Over the years Republicans have told a lot of lies about Obamacare. Leading the way has been their claim that the law is a government takeover of health care. The truth is that, whether you get insurance from your employer or via the Obamacare exchanges, you have health insurance provided by private insurance companies. The exceptions are, of course, Medicare and Medicaid—both of which were implemented long before Obamacare passed.
But we all know that Republicans hate any form of government regulation—and Obamacare heavily regulated the insurance market. Included in the law are:
- A ban on denial of coverage for pre-existing conditions,
- A requirement to cover children until the age of 26,
- A requirement that only 15% of premiums (20% in the individual/small group market) can go to overhead/profit (medical loss ratio, or MLR),
- A list of 10 essential benefits insurers must cover, and
- A ban on annual and lifetime caps on what insurers will pay out.
We’ve heard a lot about the first two and many Republicans are promising to keep them in place when/if they repeal and replace Obamacare. While eliminating the MLR would likely cause premiums to rise, getting rid of the last two could reduce them significantly. Doing so would bring back what Consumer Reports once called “junk health insurance.”
The most common form of these junk plans prior to the passage of Obamacare was something called “mini-med health plans.” They tended to cover the first $2,000 to $7,000 of health expenses, with the remainder coming out of the pocket of those insured. That works as long as you stay health and free of accidents. But take a look at what happened to one woman who had such coverage:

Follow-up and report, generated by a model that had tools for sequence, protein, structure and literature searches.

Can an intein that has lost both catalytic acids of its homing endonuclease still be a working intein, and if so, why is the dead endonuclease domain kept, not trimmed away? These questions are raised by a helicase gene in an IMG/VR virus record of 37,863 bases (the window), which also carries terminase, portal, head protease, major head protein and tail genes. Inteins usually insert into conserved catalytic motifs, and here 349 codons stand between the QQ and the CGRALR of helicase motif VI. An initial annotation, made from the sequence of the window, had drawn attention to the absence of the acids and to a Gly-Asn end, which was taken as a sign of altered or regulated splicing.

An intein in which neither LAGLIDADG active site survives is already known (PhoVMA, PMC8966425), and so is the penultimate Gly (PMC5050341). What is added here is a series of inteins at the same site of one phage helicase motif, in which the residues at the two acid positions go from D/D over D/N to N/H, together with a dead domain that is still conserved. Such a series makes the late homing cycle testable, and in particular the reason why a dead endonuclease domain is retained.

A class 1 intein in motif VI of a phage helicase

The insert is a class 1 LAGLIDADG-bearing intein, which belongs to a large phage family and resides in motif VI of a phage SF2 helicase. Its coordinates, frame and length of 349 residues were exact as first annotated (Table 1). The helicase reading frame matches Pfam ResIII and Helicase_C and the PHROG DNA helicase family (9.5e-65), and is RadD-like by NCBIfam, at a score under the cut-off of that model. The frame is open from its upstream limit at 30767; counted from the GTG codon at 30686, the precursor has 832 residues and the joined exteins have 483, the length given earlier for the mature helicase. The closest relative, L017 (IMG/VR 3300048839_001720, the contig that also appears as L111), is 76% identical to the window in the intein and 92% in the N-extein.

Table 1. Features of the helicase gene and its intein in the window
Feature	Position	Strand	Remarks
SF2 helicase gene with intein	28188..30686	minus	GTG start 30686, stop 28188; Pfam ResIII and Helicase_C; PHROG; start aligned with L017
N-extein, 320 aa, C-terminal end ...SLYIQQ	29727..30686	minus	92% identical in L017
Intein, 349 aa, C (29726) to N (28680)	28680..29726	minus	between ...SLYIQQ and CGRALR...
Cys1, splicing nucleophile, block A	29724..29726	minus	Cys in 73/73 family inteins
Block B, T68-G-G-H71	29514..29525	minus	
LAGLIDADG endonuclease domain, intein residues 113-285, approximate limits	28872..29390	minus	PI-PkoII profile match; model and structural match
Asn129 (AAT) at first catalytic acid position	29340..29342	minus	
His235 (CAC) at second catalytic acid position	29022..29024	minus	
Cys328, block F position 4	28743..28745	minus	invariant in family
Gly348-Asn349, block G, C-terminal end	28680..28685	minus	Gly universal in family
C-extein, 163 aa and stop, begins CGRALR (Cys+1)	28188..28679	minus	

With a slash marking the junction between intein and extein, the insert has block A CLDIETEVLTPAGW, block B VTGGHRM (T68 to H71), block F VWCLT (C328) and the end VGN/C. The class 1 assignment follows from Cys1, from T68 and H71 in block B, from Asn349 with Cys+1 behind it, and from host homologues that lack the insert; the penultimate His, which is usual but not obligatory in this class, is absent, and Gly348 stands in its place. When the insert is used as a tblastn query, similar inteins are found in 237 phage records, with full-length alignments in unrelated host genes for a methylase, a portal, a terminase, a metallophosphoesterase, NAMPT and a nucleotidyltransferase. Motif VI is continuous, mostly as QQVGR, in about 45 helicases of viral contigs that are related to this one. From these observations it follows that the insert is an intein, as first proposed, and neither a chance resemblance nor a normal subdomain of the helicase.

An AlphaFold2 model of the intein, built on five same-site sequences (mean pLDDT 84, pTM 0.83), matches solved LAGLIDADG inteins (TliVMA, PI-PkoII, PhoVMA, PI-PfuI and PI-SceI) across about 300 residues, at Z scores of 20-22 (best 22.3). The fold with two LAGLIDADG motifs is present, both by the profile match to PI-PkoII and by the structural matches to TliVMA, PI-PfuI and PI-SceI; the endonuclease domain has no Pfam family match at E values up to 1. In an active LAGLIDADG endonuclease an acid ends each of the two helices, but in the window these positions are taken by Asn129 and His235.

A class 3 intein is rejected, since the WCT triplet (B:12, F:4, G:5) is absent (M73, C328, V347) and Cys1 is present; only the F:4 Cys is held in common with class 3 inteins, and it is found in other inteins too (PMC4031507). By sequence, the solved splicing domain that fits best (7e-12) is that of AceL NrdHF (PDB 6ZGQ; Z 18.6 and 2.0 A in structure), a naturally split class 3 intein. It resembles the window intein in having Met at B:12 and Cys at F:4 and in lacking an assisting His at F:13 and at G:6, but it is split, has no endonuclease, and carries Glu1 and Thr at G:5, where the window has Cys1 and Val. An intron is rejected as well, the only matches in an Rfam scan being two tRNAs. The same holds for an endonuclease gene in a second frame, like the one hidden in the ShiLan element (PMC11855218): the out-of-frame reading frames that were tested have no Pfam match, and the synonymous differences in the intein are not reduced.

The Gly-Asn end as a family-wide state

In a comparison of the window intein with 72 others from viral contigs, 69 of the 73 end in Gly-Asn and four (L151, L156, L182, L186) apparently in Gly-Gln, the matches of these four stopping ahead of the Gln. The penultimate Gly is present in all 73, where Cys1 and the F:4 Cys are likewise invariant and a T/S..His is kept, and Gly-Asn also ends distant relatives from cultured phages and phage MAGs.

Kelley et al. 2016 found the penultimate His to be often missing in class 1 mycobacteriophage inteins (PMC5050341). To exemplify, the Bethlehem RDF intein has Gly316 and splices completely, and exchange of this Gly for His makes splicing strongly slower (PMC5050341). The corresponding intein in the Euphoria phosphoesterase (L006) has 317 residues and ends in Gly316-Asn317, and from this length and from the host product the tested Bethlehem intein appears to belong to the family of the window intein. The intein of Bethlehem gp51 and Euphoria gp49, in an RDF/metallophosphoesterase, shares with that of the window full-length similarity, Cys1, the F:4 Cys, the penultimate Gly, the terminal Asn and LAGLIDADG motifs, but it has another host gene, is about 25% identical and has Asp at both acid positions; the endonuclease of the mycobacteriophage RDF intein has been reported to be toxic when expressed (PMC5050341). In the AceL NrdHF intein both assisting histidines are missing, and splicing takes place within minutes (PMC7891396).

Judith Goss, 48, of Macomb, Mich., believed that the Cigna plan she obtained through her job at the Talbots retail chain was “some type of insurance that would cover something.” When the store she worked at closed in January 2011, she even paid $65 a month to keep the coverage through COBRA.
“I was aware that it wasn’t a great plan, but I wasn’t concerned because I wasn’t sick,” she says. But in July 2011 she was diagnosed with breast cancer, at which point the policy’s annual limits of $1,000 a year for outpatient treatment and $2,000 for hospitalization became a huge problem. Facing a $30,000 hospital bill, she delayed treatment. “Finally my surgeon said, ‘Judy, you can’t wait anymore.’ While I was waiting my tumor became larger. It was 3 centimeters when they found it and 9 centimeters when they took it out.”
After paying in $65/month, Judith got payment for $3,000 of her expenses to treat breast cancer and then was on her own. That’s why Consumer Reports actually says that they are worse than having no insurance…you pay in, but get almost nothing back when you need it most.
Kim Soffen and Denise Lu report that all of the Republican alternatives to Obamacare eliminate the requirement for including 10 essential benefits. Orrin Hatch’s replacement plan allows insurers to cap annual payments and Ryan’s Better Way plan doesn’t mention caps (i.e., they would return).
These are important elements to keep in mind. Allowing the return of junk health insurance would mean that Republicans can claim to make premiums more affordable. But for people in Judith’s situation, they will assume they are covered when they’re not.